Canadians love to virtue signal about Civil War, but Confederates had Canada’s support
Barry Sheehy: Confederates operated with the tacit approval of Canadian authorities, who saw a divided U.S. as being in Canada’s best interests
Colby Cosh’s recent National Post column on White House Chief of Staff John Kelly and the American Civil War is an unfortunate example of Canadian virtue signalling, rooted in a selective interpretation of facts. Cosh’s suggestion that no people of good faith existed in the South because of the sin of slavery ignores the fact that state by state referendums on secession were close. In Georgia, the vote was 50,243 in favour and 37,123 against. Hardly a ringing endorsement for war.
Slavery was an American sin long before it was a Southern one. When slavery proved uneconomic in the North, slaves were sold south where the cotton gin allowed the institution to be marginally profitable. The beneficiaries of slave-grown cotton were not just plantation owners but powerful textile manufacturers in New England, as well as shipping firms and banks in New York. Northern banks and insurance companies, some still operating, were among the chief beneficiaries of slavery and the cotton trade. Even Canada’s own business legend William C. Macdonald used tobacco from slave states like Kentucky. His profits helped build McGill University.
New York, not New Orleans, was the centre of the global slave trade at the start of the Civil War. The banking and shipping behind the triangular cotton trade was all centred in New York. In 1860, the global slave trade between Africa and South and Central America was booming. The outfitting of slave ships and financing for this trade was centred in New York City.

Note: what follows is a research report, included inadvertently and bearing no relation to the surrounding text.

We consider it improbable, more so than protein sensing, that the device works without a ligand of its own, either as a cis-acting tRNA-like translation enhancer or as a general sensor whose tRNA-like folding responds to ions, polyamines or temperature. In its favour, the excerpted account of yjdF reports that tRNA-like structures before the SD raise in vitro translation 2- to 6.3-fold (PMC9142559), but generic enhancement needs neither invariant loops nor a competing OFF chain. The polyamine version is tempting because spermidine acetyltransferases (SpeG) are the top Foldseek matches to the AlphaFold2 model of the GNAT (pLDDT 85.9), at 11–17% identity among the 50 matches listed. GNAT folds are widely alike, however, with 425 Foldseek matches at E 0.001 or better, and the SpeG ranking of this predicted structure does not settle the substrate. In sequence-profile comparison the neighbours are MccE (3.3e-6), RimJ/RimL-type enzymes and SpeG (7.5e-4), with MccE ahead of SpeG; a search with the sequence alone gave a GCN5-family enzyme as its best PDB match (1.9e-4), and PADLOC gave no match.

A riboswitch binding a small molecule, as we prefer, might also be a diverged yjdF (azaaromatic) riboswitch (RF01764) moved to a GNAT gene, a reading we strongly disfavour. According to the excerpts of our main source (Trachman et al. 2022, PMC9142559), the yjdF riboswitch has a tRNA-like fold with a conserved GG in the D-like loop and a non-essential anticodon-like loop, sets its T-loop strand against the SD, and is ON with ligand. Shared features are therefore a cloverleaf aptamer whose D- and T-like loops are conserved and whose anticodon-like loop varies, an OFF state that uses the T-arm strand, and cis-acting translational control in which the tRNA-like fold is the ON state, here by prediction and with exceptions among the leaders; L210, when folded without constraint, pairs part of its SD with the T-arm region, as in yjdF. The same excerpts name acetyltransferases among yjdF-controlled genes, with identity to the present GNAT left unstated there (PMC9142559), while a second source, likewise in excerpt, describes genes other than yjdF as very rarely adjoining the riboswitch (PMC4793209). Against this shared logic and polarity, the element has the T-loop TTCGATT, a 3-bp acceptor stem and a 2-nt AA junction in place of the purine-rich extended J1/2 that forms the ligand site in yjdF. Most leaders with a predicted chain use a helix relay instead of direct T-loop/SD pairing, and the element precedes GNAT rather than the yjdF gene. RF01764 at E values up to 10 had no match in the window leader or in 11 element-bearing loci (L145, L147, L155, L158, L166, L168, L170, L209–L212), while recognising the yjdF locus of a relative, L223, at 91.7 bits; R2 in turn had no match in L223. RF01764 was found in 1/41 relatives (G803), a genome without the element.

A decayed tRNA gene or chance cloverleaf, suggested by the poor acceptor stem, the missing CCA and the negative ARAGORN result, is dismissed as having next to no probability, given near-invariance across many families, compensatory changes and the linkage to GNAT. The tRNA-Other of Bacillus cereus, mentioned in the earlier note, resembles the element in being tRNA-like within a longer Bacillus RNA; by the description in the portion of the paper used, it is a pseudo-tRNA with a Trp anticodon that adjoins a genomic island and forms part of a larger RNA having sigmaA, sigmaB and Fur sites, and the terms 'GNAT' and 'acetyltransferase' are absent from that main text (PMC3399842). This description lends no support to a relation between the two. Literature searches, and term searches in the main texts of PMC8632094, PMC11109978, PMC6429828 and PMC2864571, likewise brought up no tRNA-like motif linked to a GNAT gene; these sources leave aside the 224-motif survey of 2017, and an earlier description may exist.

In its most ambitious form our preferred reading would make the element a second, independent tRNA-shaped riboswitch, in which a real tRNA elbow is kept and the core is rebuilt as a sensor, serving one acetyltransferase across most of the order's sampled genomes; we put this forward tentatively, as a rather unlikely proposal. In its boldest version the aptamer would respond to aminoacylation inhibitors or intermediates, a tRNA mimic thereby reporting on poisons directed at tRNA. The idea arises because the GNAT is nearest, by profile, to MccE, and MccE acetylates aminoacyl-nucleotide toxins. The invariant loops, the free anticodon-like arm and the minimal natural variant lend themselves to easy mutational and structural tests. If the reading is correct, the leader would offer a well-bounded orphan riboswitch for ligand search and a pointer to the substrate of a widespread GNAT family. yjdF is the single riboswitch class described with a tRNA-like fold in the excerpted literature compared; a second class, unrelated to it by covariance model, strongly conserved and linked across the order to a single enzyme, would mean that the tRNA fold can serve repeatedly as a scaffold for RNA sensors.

Slavery was an American sin long before it was a Southern one
Cosh points to the presence of Confederates in Canada, but neglects to mention these Confederates operated with the tacit approval—if not outright encouragement—of Canadian authorities who saw a permanently divided United States as being in the best interests of British North America. Cosh talks of American historical myths, but what about Canadian myths? A prime example is the misconception that Canada supported old Abe and his war. In fact, Canadian authorities were alarmed by the runaway militarization of the U.S. and the evolution of a nascent military dictatorship centred in Washington. Secretary of State William Seward bragged to British ambassador Lord Lyons that he could have anyone in the United States arrested and held without trial simply by ringing a small bell on his desk. It was a shameful boast but essentially true.
Meanwhile, Lincoln shut down or intimidated into silence newspapers across the country that opposed the war. He arrested or disbanded whole state legislatures, while border states were militarily occupied and forcibly kept in the Union.
Another cherished Canadian myth centres on the Underground Railroad. Abolitionist sentiment among religious communities in Southern Ontario was indeed strong, and this is where the bulk of runaway slaves crossed into Canada. But the numbers were modest. Estimates place the figure at between 30,000 and 50,000. Support for runaway slaves tended to weaken as you moved east across Canada, with Montreal and Halifax being pronounced in their pro-Confederate sympathies. One thing is certain: had runaway slaves skyrocketed into the hundreds of thousands, Canada would have quickly closed its borders.
Another cherished Canadian myth centres on the Underground Railroad
The South’s decision to secede was certainly influenced by the institution of slavery, which was considered an important state right. In the North, where Lincoln put out a call for 75,000 volunteers to invade the South, slavery was not a priority. The key issues for Lincoln were preservation of the Union and the collection of revenue. Don’t take my word for it; just read Lincoln’s First Inaugural. He goes out of his way to state, “I have no purpose, directly or indirectly, to interfere with the institution of slavery… where it exists. I believe I have no lawful right to do so, and I have no inclination to do so.”
Even when Lincoln signed the Emancipation Proclamation he was careful to free only those slaves not under his control. Slaves in border states loyal to the Union were excluded.
The truth is the Civil War was as much about money as principles. By 1864, the Union war effort had become utterly corrupt with large banks, arms suppliers and food providers making money from all sides; Canada was the venue for much of this illicit activity and Canadian institutions gleefully participated.
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